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Leaning Left in Latin America: Voting for Social Inclusion as an Economic Model

Leaning Left in Latin America: Voting for Social Inclusion as an Economic Model

Photo Credit: Rodrigo Abd/AP Photo

This week’s election in Venezuela was important for reasons outside of Venezuela itself. The victory of Hugo Chavez with over 80% of the electorate voting and a sizable minority voting against the current President showed that Hugo Chavez does have a great deal of support as well as a strong opposition to his economic model. Outside of Venezuela it also represents the continuation of a model that while having long term weaknesses, still allows for a great deal of popular support in Latin America as a whole. Chavism, or the left-leaning economic model currently being developed in Venezuela has reduced poverty and inequality in Venezuela, but may only be feasible with high oil prices in a country with large oil reserves. The fear many in Venezuela and outside of the country have is that if the money runs out, there will also be an end to the poverty reduction strategy without any other economic engines to cushion the impact. Chavism may run out of fuel in the long run as revenue is directly tied to oil prices, and most, if not all natural resource based economies have suffered from steep market fluctuations when they are dependent on commodity prices alone.

Venezuela will soon have to deal with the limitation of over a decade of President Chavez and his economic model as he contends with his own personal health and regional elections coming up this December. Any severe change may cause a great deal of problems in Venezuela, but with changes to Venezuela’s economy and perhaps to the President himself, social inclusion in Venezuela’s economic future may still be at the core of any shift in Venezuela’s economic model. In Brazil, Lulaism, or what Michael Shifter of the Inter-American Dialogue has defined further as The Brasilia Consensus, may become the core economic model for productive left leaning countries in Latin America. In the event that economic growth becomes elusive in Venezuela in the near future, the roots of Chavism based in social inclusion may still be a priority in line with a stable growth model. Standing apart from The Washington Consensus, the Brasilia Consensus promotes stable growth with social programs as a priority as currently operating in Brazil, one of the BRICS nations and a model for stable economic growth worldwide. While many in Venezuela’s opposition supported Lulaism over Chavism, the popular support for Hugo Chavez may only bring about The Brasilia Consensus in Venezuela and to Latin America as a whole if Venezuela undergoes strong economic issues in the near future, and this may occur in several ways unfortunately according to many experts on Venezuela.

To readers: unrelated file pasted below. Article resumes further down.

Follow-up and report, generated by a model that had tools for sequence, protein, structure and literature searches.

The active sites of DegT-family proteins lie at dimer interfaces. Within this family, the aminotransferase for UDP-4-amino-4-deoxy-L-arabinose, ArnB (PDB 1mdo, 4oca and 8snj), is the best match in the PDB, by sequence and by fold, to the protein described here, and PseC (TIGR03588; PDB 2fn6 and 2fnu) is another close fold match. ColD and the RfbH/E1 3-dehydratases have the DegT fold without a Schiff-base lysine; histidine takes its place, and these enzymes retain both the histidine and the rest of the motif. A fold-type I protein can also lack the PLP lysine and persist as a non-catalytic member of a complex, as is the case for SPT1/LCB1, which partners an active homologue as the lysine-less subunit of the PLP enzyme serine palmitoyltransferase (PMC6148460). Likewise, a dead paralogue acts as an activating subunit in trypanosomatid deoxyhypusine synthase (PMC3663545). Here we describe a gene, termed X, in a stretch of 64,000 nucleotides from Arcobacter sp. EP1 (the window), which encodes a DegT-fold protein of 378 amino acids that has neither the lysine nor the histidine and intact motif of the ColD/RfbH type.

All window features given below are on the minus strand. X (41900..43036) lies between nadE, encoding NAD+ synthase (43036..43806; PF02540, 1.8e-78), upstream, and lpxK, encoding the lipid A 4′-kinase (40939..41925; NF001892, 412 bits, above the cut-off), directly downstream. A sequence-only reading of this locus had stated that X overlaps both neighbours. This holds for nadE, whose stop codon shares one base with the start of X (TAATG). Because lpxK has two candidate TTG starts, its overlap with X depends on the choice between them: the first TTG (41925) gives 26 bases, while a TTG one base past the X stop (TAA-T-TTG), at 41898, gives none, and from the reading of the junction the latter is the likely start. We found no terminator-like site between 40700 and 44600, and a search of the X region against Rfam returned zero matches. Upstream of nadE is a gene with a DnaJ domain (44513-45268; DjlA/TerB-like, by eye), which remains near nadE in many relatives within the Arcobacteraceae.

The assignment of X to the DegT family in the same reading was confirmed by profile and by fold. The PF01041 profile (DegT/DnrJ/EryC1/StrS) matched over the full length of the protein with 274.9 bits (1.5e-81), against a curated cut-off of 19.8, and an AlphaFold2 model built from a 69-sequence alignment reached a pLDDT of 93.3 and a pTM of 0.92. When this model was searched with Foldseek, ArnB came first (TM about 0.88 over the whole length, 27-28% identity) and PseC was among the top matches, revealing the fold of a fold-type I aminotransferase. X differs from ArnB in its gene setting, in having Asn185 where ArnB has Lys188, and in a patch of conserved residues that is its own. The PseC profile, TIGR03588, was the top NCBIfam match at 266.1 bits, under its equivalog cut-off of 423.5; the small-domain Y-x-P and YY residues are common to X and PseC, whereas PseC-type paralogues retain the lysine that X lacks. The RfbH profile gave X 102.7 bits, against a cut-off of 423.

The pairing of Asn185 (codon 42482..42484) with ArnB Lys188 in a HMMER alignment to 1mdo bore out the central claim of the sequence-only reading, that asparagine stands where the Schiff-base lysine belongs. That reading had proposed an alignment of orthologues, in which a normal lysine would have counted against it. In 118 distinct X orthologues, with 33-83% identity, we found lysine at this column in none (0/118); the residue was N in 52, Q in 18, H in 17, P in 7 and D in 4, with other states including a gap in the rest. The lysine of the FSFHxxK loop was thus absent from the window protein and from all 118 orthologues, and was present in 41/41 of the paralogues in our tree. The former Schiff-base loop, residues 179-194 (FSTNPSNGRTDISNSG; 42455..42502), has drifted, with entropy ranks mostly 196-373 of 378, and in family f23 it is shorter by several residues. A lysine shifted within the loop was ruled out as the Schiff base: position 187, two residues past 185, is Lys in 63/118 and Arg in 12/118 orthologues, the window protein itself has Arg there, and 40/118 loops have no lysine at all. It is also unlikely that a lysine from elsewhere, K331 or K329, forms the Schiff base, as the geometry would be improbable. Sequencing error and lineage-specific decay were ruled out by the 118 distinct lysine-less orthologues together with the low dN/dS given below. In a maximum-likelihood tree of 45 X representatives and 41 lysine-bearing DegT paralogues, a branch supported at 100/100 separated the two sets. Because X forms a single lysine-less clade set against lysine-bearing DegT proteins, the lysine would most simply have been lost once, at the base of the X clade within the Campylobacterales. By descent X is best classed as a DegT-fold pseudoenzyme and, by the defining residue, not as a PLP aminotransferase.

Part of the problem with oil prices is that the consumers of oil, the EU, U.S., China and other large economies are slowing down currently, with a focus on a Chinese slowdown now affecting commodity prices globally. When China curbs its needs for commodities, Latin America and its natural resources take a direct hit. Today, the slowdown in China due to Western nations not being able to effectively deal with their own economic knots had made the IMF reduce its forecast for global growth in 2013, and China’s once double digit economic boom has turned into a fizzle. Venezuela’s dependence on oil prices being high is directly related to demands for Chinese manufactured goods. Economic models based on commodity wealth often have troubles maintaining their economic plans, and Venezuela and Chavism if unstable many have many issues in the near future. Even Brazil has reduced their once healthy growth forecast for more modest numbers, and while Brazil may grow less than once thought, it still will likely be able to maintain its socially oriented economic model with a reduction in growth.

For a well balanced and healthy analysis of Brazil’s reduced economic prospects, as well as China slowing, the EU not growing, and oil prices dropping in the medium to long term, I suggest viewing today’s Canadian broadcast in Ontario of TV Ontario’s: The Agenda. It is one of the best policy shows in English speaking North America and often they will publish the broadcast soon after airing the program usually within 24 hours. You can find the link to the show here.



Richard Basas

Richard Basas, a Canadian Masters Level Law student educated in Spain, England, and Canada (U of London MA 2003 LL.M., 2007), has worked researching for CSIS and as a Reporter for the Latin America Advisor. He went on to study his MA in Latin American Political Economy in London with the University of London and LSE. Subsequently, Rich followed his career into Law focusing mostly on International Commerce and EU-Americas issues. He has worked for many commercial and legal organisations as well as within the Refugee Protection Community in Toronto, Canada, representing detained non-status indivduals residing in Canada. Rich will go on to study his PhD in International Law.

Areas of Focus:
Law; Economics and Commerce; Americas; Europe; Refugees; Immigration